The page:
As showbiz legend has it, you can wait years to become famous overnight. But for comic, musician and broadcaster George Jones it's been a little like the other way round. By Noel McAdam
After almost six decades as an entertainer, George Jones has been famous for years, yet without any official recognition.
Until now, that is. Belfast City Council intends to make good on a promise to commemorate a half-century of Jones’ ground-breaking combo Clubsound.
And whether or not Covid puts paid to the plans in the short term, George and co are already in rehearsals to go back on the road for Year 51.
But is it fair to call them ground-breaking? A generation before the Hole in the Wall gang, Jones was sending up sectarianism while the Troubles still raged and getting Catholics and Protestants together to laugh at themselves and each other.
“It really took off after the legendary James Young died. We sort of took up the mantle of Ulster humour. That kind of black humour really came into its own. Most people didn’t give a stuff about the Troubles, they just wanted to laugh,” George remembers.
That is the achievement city fathers intend to mark, since Clubsound started in the 1970s in the Abercorn, wrecked by a bomb on March 4, 1972, killing two young women and injuring 130.
The commemoration has already been cancelled twice, due to Covid-19. But Lord Lieutenant Michael Long said: “We haven’t forgotten about George and his colleagues. It is very much on our ‘to do’ list.
“So many things have had to go on the back-burner due to the pandemic. But we will hopefully put this right in the New Year.”
To which George replied: “I really appreciate that. That is very kind of them. They have been very courteous to us, phoning to postpone it twice. So I am grateful that, all being well, it will still happen.”
Formed in the early 1970s, the current Clubsound line-up are now in their 70s, but George believes the once Belfast-based band has not had the formal accolade it deserves.
In his own successful career, including a 15-year stint hosting the BBC Radio Ulster mid-afternoon slot — which ended in anger — Jones says the lack of acknowledgment of the group is his biggest disappointment.
“That’s the saddest thing — and it’s not about me. It’s not for me. I have had a lot of recognition all my life and I’m grateful for that. But the other four have not had the accolades that they should have had,” he stressed.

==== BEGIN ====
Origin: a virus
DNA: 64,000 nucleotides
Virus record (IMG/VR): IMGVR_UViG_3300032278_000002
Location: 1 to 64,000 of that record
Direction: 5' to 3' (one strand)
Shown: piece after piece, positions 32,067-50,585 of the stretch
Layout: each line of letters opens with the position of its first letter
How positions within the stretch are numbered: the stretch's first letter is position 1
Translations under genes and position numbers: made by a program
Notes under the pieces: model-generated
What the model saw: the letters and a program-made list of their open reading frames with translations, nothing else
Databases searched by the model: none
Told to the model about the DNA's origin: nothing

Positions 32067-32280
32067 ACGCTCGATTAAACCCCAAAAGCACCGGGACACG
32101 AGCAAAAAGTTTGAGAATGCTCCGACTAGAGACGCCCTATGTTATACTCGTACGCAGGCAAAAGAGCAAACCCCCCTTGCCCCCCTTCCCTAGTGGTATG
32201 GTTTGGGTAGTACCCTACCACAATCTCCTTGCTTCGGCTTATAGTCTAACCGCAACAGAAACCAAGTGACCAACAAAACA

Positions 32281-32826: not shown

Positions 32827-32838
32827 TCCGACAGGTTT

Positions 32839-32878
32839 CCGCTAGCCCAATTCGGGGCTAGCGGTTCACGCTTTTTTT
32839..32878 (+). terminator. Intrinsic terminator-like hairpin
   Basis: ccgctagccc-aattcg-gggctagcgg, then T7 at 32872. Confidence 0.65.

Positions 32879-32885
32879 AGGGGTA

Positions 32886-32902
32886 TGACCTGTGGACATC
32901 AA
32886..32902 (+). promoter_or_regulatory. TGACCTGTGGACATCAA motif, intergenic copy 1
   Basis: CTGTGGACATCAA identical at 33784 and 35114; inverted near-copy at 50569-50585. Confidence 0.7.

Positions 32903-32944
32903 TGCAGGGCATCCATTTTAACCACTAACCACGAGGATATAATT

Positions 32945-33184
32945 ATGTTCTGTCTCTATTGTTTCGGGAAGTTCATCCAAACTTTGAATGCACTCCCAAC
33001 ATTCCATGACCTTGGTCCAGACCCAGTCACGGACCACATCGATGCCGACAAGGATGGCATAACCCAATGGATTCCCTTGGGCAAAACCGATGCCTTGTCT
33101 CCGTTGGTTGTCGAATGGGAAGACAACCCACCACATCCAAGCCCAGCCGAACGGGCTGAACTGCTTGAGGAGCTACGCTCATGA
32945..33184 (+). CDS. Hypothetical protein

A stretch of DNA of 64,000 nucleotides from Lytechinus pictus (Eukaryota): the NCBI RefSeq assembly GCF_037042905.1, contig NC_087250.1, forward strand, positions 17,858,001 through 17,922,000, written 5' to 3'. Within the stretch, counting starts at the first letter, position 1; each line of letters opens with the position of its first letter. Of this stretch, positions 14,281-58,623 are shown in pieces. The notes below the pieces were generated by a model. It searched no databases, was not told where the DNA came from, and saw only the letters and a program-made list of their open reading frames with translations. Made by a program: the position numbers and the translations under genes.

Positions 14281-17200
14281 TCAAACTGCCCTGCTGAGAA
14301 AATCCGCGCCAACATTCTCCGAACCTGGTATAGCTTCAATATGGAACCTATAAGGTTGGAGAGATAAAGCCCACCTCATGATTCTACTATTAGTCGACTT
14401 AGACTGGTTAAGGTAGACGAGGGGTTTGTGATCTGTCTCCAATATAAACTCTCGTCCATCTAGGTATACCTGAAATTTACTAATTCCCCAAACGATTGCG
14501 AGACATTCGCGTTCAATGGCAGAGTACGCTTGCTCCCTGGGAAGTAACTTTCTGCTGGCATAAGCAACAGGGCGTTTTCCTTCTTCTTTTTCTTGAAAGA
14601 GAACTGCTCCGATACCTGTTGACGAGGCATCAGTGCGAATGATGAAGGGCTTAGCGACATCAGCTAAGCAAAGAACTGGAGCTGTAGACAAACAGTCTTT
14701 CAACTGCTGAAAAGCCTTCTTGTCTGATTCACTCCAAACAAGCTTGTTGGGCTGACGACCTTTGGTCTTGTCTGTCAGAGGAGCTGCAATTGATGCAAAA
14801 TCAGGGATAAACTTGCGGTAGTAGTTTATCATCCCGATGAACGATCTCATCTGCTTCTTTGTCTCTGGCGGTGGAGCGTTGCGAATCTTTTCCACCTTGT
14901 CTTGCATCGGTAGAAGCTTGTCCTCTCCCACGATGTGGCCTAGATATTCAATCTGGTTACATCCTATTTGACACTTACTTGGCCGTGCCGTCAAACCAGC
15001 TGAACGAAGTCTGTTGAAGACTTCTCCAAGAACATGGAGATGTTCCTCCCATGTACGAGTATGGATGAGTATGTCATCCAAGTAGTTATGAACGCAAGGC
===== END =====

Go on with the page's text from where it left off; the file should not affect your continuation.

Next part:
“We brought people together in venues all during the very height of the Troubles, we had them singing peace anthems together and yet Belfast City Council, for example, has never given that recognition. Though other bands have been given it.
“I was the compere, so I was seen as the leader and had a higher profile. But really, we were all equal, they are all equally talented.”
As they will no doubt demonstrate yet again in their forthcoming shows in the Grand Opera House, already heavily sold, and the Theatre at the Mill in Newtownabbey.
Now 77, George feels he has been lucky in lockdown and the challenges of the last 21 months. He has kept busy, not only with occasional performances but also hosting a DVD show which was sent free of charge to care homes across the province.
“The feedback was great, and I thoroughly enjoyed doing it. I know of some homes who say they play it every week,” he said.
The Swing Gals, singer Conor Taggart from the Phat Katz Wedding Band, and actress Catherine McCallum — whose credits include Game of Thrones — were among the artists taking part along with a number of tribute acts.
But George also took up the campaigning cudgels during the first year of the pandemic, when singers, musicians, artists, back-room people in the arts sector were left for months without any financial cushion, while others were on furlough.
Now he says, however: “Credit where credit is due. The Arts Council finally changed the criteria they were working on, and the help came through, when the Department of Communities were given money to distribute.”